Because what "growing up" usually means is to live dumb and numb until one day you ask yourself, "My God, what have I done?"

In the early nineties, Jennifer and I found ourselves living in Germany. It wasn't something we'd planned, but when the chance to wing away to a foreign land came up, we leaped. She had been a lifelong entrepreneur, so the Volkswagen corporate bureaucracy was exciting and exotic, but it wasn't long before we realized where that particular road lead, however: twenty years of keeping our noses clean, promotions, then a comfortable retirement. Same as it ever was.

While Jennifer was trying to wrestle her job into something that didn't leave her pissed off every day, I wound up coaching the Wolfsburg Yahoos baseball team, at the time a second division club comprised of young men in their 20's. Most of them were either VW factory workers or students. Their lives, however, revolved around baseball as did mine. I'd played and coached ball in the states, but I'd never had more fun than with these young German men who once listed for me their life priorities as, "Family first, hobbies second, and jobs last." It seemed like they had it figured out and my "today" was these guys, and the rocky field on which we played, surrounded by elderly Turkish immigrant women who emerged each day from the nearby apartments to watch something they could hardly have understood.

Jennifer managed to turn her job into one that involved tons of travel, often in the company of rock and roll legends (Rolling Stones, Genesis, Pink Floyd) or to places hosting exiting events like the Olympics (Barcelona, Lillehammer), but we both knew it wouldn't last. The dissatisfactions were coming to outweigh the satisfactions. And besides, we had always been on borrowed time there. She and I were nails that were sticking up in a world that pounds them down, so instead of waiting to be told to grow up, we one day did the most courageous thing we had done up to that point. Few ever voluntarily leave the golden handcuffs, but we did, inspired in no small measure by "Once In A Lifetime."

It was right around this time that another piece of art came into my life, a song by Tom Waits called, "I Don't Want To Grow Up."

The idea of working with young children was still more than a decade away as I listened to this song over and over again, feeling so much like the man-child hiding out in a cardboard box playing my tiny guitar, spending my days playacting the role of baseball coach and husband of a very serious German business executive, who was herself playing a role. Waits is singing about the dissatisfactions, the meaningless things we're taught to care about, the things that take us away from our true purpose in life, which is to be dancers.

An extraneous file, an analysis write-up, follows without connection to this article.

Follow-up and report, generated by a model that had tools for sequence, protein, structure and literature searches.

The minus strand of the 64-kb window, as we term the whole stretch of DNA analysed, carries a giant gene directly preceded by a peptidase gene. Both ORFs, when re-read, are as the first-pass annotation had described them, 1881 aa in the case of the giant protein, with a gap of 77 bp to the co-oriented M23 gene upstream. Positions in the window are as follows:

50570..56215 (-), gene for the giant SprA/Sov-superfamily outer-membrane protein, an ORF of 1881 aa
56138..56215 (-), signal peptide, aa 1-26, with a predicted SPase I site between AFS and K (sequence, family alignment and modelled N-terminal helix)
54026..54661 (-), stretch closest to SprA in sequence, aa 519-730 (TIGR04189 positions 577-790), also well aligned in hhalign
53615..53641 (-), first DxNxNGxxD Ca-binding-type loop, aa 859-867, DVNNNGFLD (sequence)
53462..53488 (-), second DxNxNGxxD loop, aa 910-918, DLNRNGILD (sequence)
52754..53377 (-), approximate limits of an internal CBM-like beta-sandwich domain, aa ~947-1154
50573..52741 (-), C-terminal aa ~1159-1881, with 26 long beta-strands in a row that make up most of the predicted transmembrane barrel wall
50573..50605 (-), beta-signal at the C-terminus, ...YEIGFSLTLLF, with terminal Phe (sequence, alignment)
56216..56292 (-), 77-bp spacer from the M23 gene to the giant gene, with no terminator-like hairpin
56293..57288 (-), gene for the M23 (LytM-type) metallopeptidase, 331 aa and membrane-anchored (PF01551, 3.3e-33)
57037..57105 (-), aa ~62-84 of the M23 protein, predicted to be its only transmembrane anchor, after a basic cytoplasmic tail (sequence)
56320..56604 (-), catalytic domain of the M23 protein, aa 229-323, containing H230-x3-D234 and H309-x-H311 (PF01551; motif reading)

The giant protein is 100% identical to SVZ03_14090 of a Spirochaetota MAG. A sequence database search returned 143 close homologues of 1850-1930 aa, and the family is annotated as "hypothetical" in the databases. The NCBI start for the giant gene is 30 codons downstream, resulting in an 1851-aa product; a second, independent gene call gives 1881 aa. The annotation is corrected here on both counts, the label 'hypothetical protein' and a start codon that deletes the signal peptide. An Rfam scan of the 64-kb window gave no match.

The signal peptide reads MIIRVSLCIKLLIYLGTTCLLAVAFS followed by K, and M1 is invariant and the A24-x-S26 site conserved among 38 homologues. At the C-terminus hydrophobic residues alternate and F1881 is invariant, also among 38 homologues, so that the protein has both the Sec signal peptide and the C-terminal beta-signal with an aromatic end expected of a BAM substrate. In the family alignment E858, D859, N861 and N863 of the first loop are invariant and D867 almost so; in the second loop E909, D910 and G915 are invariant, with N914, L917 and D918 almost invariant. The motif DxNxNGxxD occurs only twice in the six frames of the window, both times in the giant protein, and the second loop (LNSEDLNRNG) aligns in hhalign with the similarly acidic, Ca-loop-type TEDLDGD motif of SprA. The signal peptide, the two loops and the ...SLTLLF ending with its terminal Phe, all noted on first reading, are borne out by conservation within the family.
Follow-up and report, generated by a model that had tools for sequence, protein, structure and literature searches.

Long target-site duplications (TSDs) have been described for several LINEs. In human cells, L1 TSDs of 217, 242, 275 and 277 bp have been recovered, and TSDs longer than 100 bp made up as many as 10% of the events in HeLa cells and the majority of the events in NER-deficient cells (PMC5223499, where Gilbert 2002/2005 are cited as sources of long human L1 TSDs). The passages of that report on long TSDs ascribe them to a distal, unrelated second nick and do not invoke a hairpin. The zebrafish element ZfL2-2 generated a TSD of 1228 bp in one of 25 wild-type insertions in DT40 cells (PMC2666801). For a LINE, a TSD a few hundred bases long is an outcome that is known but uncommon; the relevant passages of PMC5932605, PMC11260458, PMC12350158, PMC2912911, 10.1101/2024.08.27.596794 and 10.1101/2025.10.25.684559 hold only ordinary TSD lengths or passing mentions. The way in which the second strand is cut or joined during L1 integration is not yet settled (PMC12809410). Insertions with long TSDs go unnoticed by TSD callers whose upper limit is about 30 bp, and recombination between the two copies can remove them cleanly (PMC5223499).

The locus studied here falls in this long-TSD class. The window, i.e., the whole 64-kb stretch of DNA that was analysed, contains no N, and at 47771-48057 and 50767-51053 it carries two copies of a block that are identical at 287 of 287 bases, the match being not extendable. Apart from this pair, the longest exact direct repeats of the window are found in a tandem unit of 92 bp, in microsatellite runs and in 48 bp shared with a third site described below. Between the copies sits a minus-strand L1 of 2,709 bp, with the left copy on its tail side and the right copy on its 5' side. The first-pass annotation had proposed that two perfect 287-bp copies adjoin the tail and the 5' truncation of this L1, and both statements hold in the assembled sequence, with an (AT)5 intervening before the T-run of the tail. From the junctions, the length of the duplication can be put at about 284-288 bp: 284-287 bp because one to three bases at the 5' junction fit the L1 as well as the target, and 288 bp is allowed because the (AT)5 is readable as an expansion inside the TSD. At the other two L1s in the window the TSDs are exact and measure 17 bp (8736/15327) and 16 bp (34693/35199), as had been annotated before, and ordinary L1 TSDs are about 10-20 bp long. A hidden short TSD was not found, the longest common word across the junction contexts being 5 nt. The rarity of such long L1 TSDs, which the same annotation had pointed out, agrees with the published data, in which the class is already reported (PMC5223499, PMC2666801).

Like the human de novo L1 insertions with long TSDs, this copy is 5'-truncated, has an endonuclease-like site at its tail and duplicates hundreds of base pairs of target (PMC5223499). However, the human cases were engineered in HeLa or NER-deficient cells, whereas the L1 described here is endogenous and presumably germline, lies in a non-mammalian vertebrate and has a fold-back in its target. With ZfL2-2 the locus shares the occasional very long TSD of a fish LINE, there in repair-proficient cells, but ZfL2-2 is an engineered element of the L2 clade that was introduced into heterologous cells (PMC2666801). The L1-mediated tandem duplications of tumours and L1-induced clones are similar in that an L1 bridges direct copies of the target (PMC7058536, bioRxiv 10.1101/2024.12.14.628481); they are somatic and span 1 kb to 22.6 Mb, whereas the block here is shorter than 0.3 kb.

I don't want to have to shout it out.
I don't want my hair to fall out.
I don't want to be filled with doubt.
I don't want to be a good Boy Scout.
I don't want to have to learn to count.
I don't want to have the biggest amount.
I don't want to grow up.

When I see the 5 o'clock news,
I don't want to grow up.
Comb their hair and shine their shoes,
I don't want to grow up
Stay around in my old hometown.
I don't want to put no money down.
I don't want to get me a big old loan.
Work them fingers to the bone.
I don't want to float a broom.
Fall in love and get married then boom,
How the hell did I get here so soon?
I don't want to grow up.

And there it is again, that question, "How did I get here?" It's a question I've never asked and I will continue to strive with ever fiber of my being to never find myself asking it.

Seems like folks turn into things
That they'd never want
The only thing to live for is today.

And that's it in a nutshell. Growing up is most often just a nicer way of saying "selling out." Growing old is mandatory, but growing up is optional. You'll only find out what you're going to be and where you're going when you get there, but you can, today, consciously choose your life, embracing the satisfactions and doing something about the dissatisfactions. In the meantime, I've learned, the only thing that matters is today and the things and people I find there.

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1 comment:

Anonymous said...

It took me decades to start to figure out what "growing up" really means (or should mean). What I've concluded so far is that it (at least) means two things:

1) Thinking for oneself (a topic which is wrought with subtlety and is probably deserving of its own essay, but is ultimately rooted in skepticism [even of one's own positions], avoidance of intellectual sloth, and attribution of proper weight to information one receives independent of one's biases); and
2) Becoming self-reliant (and ultimately reliable to others under your care).

It's sad we don't focus more explicitly on learning these skills, mindsets, etc. Instead, as you point out, we seem to place inappropriate importance on merit-badge like "accomplishments" that (I'm guessing) were meant to serve as proxies: college, marriage, home ownership, having (but not necessarily nurturing) children, getting promoted, accumulating power, etc.

Perhaps becoming self-reliant has been correlated with these behaviors in the past, but drawing the conclusion that, if you tick off these boxes, you will become self-reliant probably (and dangerously) inverts any causal relationship. Worse, it loses sight of what's really important: integrity, and critical thinking.

Thanks for the post.